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Neurologic syndrome characterized by repeated and involuntary, stereotype motor movement or vocalization (tics).

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Tourette Syndrome; Brissaud Syndrome; Maladie des Tics; Tic Impulsif; Chronic Motor Tics.

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Georges Albert Édouard Brutus Gilles de la Tourette was a French neurologist (1857-1904) who described this rare psychoneurologic disorder with onset in childhood, usually at 7 to 10 years of age, characterized by echolalia, palilalia and coprolalia, stuttering and a craving to touch. Gilles de la Tourette became Doctor in Paris in 1879.

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Common; estimates range from 0.05 to 1% in the general population. Up to 20% of schoolchildren may have a transient tic disorder at some point.

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Controversial; probably autosomal dominant with incomplete penetrance and variable expression. Environmental factors seem to influence the risk, severity, and course of the disorder.

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Postulated to be a result of dopamine excess or supersensitivity of the postsynaptic dopamine receptors in the basal ganglia and frontal cortex. Another hypothesis is a neurophysiologic deficit secondary to neurotransmitter abnormalities, resulting in failed inhibition of frontal-subcortical motor circuits.

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Diagnostic criteria for Gilles de la Tourette syndrome recommended by the American Psychiatric Association include both multiple motor and vocal tics over a period of more than 1 year, voluntary suppression of symptoms, a waxing and waning course, and onset between 2 and 15 years of age.

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Initial symptoms usually are involuntary, tic-like movements. The disorder progresses with development of echolalia (repeating another's words or phrases), grunting, and coprolalia (use of obscene words). Most cases are mild and do not come to medical attention. Waxing and waning course, with one tic appearing and typically being replaced by another. Long-term outcome is generally favorable. Commonly associated with attention deficit hyperactivity disorder, obsessive-compulsive disorder, behavior problems, and learning disabilities. Management includes behavior or pharmacologic therapies (neuroleptic medications and dopamine D2 antagonist agents).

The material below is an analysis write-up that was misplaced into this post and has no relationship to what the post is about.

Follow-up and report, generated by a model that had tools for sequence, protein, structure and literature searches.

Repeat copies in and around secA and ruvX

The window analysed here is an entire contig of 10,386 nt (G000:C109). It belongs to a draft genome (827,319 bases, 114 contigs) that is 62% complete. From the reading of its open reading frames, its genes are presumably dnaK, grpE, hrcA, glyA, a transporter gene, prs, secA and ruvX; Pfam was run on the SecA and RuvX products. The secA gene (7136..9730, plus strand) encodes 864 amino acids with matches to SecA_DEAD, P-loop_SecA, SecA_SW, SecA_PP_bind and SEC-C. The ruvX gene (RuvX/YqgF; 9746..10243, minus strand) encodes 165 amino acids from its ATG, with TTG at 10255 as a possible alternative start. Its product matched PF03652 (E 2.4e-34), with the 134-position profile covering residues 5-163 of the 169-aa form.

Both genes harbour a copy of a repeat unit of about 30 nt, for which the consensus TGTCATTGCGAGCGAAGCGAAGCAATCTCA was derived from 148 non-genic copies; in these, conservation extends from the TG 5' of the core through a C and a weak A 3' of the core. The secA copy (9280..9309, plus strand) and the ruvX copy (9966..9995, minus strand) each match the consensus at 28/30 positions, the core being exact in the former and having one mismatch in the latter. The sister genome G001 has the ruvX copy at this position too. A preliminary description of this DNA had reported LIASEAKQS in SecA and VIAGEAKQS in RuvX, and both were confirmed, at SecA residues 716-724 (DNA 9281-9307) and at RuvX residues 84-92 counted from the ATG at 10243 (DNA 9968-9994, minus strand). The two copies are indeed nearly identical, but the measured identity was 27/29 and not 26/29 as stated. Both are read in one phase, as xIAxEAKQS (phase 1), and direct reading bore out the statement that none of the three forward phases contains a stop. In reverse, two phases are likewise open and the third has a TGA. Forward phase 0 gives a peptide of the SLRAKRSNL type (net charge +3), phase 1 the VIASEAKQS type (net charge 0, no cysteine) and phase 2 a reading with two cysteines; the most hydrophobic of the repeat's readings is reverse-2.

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Tics should be differentiated from other movement disorders, such as chorea, stereotypy, and dystonia. Urine drug screening for cocaine and stimulants should be considered in a teenager with sudden onset of tics and inappropriate behavior symptoms. Every patient with a family history of liver disease associated with hyperkinetic movement disorder should be investigated to rule out Wilson disease (hepatolenticular degeneration). Details of current drug therapy are essential to prevent unwanted drug interactions.

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Anxiety, stress, and fatigue often intensify tics. Behavioral disorders may limit cooperation during induction and emergence.

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Psychoactive drugs, particularly cocaine and other stimulants, have a tendency to worsen tics. Drug interactions may arise from existing pharmacologic therapy: neuroleptic agents (haloperidol), atypical neuroleptic agents (risperidone), α2-adrenergic presynaptic agonists (clonidine), benzodiazepines (clonazepam), and CNS stimulants (pemoline, used for attention deficit hyperactivity disorder). Benzodiazepines may result in hypnotic synergism on induction of anesthesia, and a lower dose of induction agent may be required. Recovery may be delayed. Pemoline-sevoflurane interaction reportedly may cause ...

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